ICU began a Patient Centered
Improvement Campaign called
Back to BASICS
Brush
Teeth
Accurate
Daily
Weight
Stop!
Wash your hands
Patient
Side to Side
Turns
Charting
Skin assessment
Ins and Outs
Plan
Improve overall
Outcomes for patients,
families and staff
Roll out every 6-8
weeks.
Empower,
Support,
Provide Resources
(ESP)
to
Bedside staff
How is Oral Care
Palliative Care in the ICU?
WHO definition of Palliative Care:
“…an approach that improves the quality
of life of patients and their families facing
the problems associated with life
threatening illness, through prevention
and relief of suffering….”
How will we improve quality of life
for our clients?
ICU specific quality care markers:
- Ventilator days
- Length of stay
- Hospital Acquired Pneumonia (HAP)
- Ventilator Associated Pneumonia (VAP)
- Central Line Infection (CLI)
Oral care is part of a quality bundle shown to
decrease Ventilator days, HAP and VAP.

Concordia’s ICU Baseline
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Mean Ventilator Days: 3.2
Mean Length Of Stay: 3.9
CLI = 0 in 1991 Central line days (2 years) as of
February 13th 2013
VAP = 5.6/1000 ventilator days in 2012
(double the regional average)
In Canada, a VAP represents $11,000/case in
avoidable costs.
$61,600 (estimated) avoidable costs in 2012
calendar year.
Agreed upon ICU standards
Teeth should be brushed twice daily.
 Oral Care should be performed at least
every 4 hours and as needed (prn).
 Assumption was we were at a 75%
compliance rate.

The Facts

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ICU oral care comes in a 24 hour kit.
One (1) kit should be used for every ventilator
day.
Concordia ICU had 632 ventilator days in 20112012 fiscal year.
Concordia ICU used 80 kits in the same time
frame.
Teeth brushing was roughly at a 15%
compliance rate!
Regional ICU Program Component
Regional directive to change to a chlorhexidine
oral rinse/toothbrush
 Regional directive to try to reduce VAP to a
goal of 1.8 cases/1000 ventilator days in 2013
 Concordia’s immediate goal is to reduce VAP
rates by 50% to 2.8/1000 vent days

Other factors

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Increased cost = roughly $15,000 per
year in oral care supplies.
Reviewed the literature found this was
not a unique problem.
Contacted researchers in the USA and
Canada.
The Plan


Complex problem with a simple
solution…
Place oral care on the Medication
Administration Record (MAR).
The Plan (continued…)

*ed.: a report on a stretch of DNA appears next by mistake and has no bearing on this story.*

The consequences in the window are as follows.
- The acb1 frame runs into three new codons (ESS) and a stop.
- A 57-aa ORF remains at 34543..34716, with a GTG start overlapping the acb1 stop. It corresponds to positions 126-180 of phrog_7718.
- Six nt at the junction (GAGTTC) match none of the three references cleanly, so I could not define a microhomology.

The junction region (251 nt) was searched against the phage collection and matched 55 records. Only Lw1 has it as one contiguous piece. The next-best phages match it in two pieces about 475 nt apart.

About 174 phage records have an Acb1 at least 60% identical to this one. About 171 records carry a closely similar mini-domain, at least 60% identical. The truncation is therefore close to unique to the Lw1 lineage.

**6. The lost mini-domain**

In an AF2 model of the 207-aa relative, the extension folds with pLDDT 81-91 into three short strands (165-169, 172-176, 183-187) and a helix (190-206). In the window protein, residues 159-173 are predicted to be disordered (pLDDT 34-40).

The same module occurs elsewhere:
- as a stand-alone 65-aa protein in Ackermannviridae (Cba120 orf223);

 Initiated December 3rd, 2012
 Oral care written as a physician’s order:
 Schedule teeth brushing times 0800 and
2000.
 Oral care schedule every 6 hours in
between teeth brushing and PRN.
 Compliance
- Began tracking weekly ventilator days and
product usage.
Getting Buy-In

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Transparency
ICU staff shown our data and agreed
change required.
Staff embraced the change.
Staff wanted to be accountable for this.
The Early Results
Percent time teeth brushed
Percent time teeth brushed
80%
% time teeth brushed
70%
60%
50%
40%
30%
20%
10%
0%
2011-2012
Baseline
Goal
Dec
Month
Jan 1-21
As of February - 75%
compliance
100.0%
80.0%
60.0%
40.0%
20.0%
ur
s
24
ith
in
cu
do
ar
e
O
ra
lc
ar
e
O
ra
lC
do
ne
w
ar
e
lc
O
ra
ho
m
en
te
or
de
re
d
d
0.0%
11-Feb
18-Feb
25-Feb
4-Mar
Ongoing Challenges

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Product changes/Switch to chlorhexidine.
Ongoing education.
Physicians forgetting to write orders.
 Solution 1: Standing orders updated.
 Solution 2: Preprinted MAR’s developed.

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Continued auditing.
Maintaining momentum.
Questions - Outside of the ICU
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Should oral care be on the MAR be hospital
wide?
Are there certain groups (i.e. end of life) where
using the MAR would be an option?
Limited equipment - suction toothettes and
toothbrushes in ICU only.
Should we provide toothbrushes to all patients?
Finances - cost effective vs. cost neutral vs. cost
deficit?
References
Mercadante S. Dry mouth and palliative care. European Journal of Palliative Care.. 2002; 9(5),
182-5.
Rohr Y, Adams J, Young L. Oral discomfort in palliative care: Results of an exploratory study of the
experiences of terminally ill patients. International Journal of Palliative Nursing. 2010; 16(9),
439-44.
pp.
pp.
WRHA PCH Speech-Language Pathology Program. Feeding and Swallowing Issues Related to End of
Life: information for Caregivers. 2010. Adapted from: Communication and Nutrition, CTS SLP
Program (2002).
Hallenbeck, J. Palliative Care Perspectives. Chapter 5: Non-Pain Symptom Management. Oxford:
Oxford University Press, 2003. Print.